Spend less time making slides
What is it?
slide.sh is a small, basic, kludgy, hackish, ghetto slide maker that will execute entirely inside of your shell.
There are no graphics, no transitions or effects, no cool line drawing abilities, or anything like that. Seriously bro, its a shell script.
slide.sh began as an experiment in what the bash shell is capable of all on
its own, and attempts to do something cool without assuming that there are a
slew of commands at your disposal. There only requirement outside of bash itself
tput command, since bash doesn't provide the needed capabilities to
move the cursor about the screen freely.
slide.sh is an experiment in feature density vs. code footprint.
Complex conditions, pattern matching, string slicing, etc. are all done in the
most terse way possible while remaining readable by humans. This isn't to say
that this is a superior style, but rather a way of learning the bash shell's
built-ins deeply in a real way.
What slide.sh provides is the ability to show simulated pages of ASCII text inside of your terminal. An advantage to this is that you, as some sort of programmer, won't have to take a bunch of screen caps or copy / paste text into some full-featured slide creation program to demo the core functionality of your executable program in a clean and organized way while notating certain things and controlling the flow of your presentation.
- Pre-formatted text will render exactly as it was produced
- Text centering for writing titles, page markers, etc.
- Slide pausing to help demonstrate multi-step processes
- Slide separators (horizontal rule)
- Structured "decks" using directories of files.
There are two functions provided by this library. Each has a different scope:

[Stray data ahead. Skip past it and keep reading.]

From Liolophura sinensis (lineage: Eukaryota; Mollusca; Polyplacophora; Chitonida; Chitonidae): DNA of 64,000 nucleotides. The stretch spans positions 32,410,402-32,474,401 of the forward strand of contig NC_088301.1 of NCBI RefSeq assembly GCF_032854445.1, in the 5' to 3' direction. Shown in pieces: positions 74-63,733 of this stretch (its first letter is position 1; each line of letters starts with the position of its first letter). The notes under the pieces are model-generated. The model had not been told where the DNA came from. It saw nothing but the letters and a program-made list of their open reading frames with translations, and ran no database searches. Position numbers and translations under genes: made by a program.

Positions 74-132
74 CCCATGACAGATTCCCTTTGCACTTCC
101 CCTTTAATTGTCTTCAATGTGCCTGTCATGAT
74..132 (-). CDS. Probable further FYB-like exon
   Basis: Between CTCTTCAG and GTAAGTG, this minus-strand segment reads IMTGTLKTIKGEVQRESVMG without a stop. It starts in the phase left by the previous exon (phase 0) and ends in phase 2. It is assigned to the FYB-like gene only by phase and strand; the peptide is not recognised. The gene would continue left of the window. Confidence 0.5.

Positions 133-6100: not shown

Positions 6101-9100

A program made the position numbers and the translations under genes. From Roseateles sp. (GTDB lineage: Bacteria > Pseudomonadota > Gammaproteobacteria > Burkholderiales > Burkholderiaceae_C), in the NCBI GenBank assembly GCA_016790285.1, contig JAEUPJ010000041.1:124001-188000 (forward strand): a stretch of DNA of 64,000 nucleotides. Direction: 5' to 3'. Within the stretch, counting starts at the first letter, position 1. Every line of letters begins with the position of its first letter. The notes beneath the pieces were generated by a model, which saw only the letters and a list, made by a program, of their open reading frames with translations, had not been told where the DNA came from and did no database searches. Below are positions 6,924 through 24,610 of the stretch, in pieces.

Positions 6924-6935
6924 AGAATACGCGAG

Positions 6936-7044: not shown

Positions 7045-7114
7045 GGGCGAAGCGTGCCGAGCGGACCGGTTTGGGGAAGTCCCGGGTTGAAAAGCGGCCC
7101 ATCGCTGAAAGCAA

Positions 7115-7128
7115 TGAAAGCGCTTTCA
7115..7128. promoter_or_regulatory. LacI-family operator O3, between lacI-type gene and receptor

slide <optional message>
This command displays a single slide of text. The optional message is displayed
at the bottom of the screen in place of the default, which explains controls.
This command takes slide content from STDIN, so you can pipe slides into it or
use a heredoc for a better inline UX. It is typical to make many calls to
slide from within the same file to simulate a slide "deck", displaying one
after the other.
The exit code from
slide represents the character which was entered on the
keyboard at exit time. Specifically:
* `0`: Enter, or an unrecognized character. * `255`: Backspace * `1..254`: Typed number followed by the Enter key.
Typically the return code is ignored by the caller, but it can be used by other
programs to provide navigation if desired (see the
deck command, for example).
deck <directory of *.slide files>
deck command is a very simple wrapper over the
slide command. It looks
at the given directory for files ending in
.slide, and composes a slide "deck"
using their contents, one file per slide. There are a few important things to
note when using this command:
- Each slide file is passed through the shell for evaluation. This allows you to continue using command or variable expansion in the same exact format you normally would with slide.sh.
- All usual slide.sh markup is supported, so you can still do, for example,
!!centerto get centered text within a slide file.
- Slide numbers (for the slide index at the bottom of the display) are counted
at the time the
deckcommand is run. Any changes to the files in the given directory will cause undefined behavior.
- Slides are loaded in lexical order. To order slides, rename them so the sort in the order you desire.
- Slide navigation supports 254 slides at the max.
Some useful things I've done with slide.sh / can think of for it:
- Demo REST API calls using cURL
- Demo command-line tool functionality
- Write some markdown-style slides for basic presentations
- Share slides with people in a
- A bash shell
The above demo was created from one of the demos in this repository. You can find examples of how to use slide.sh in the examples folder.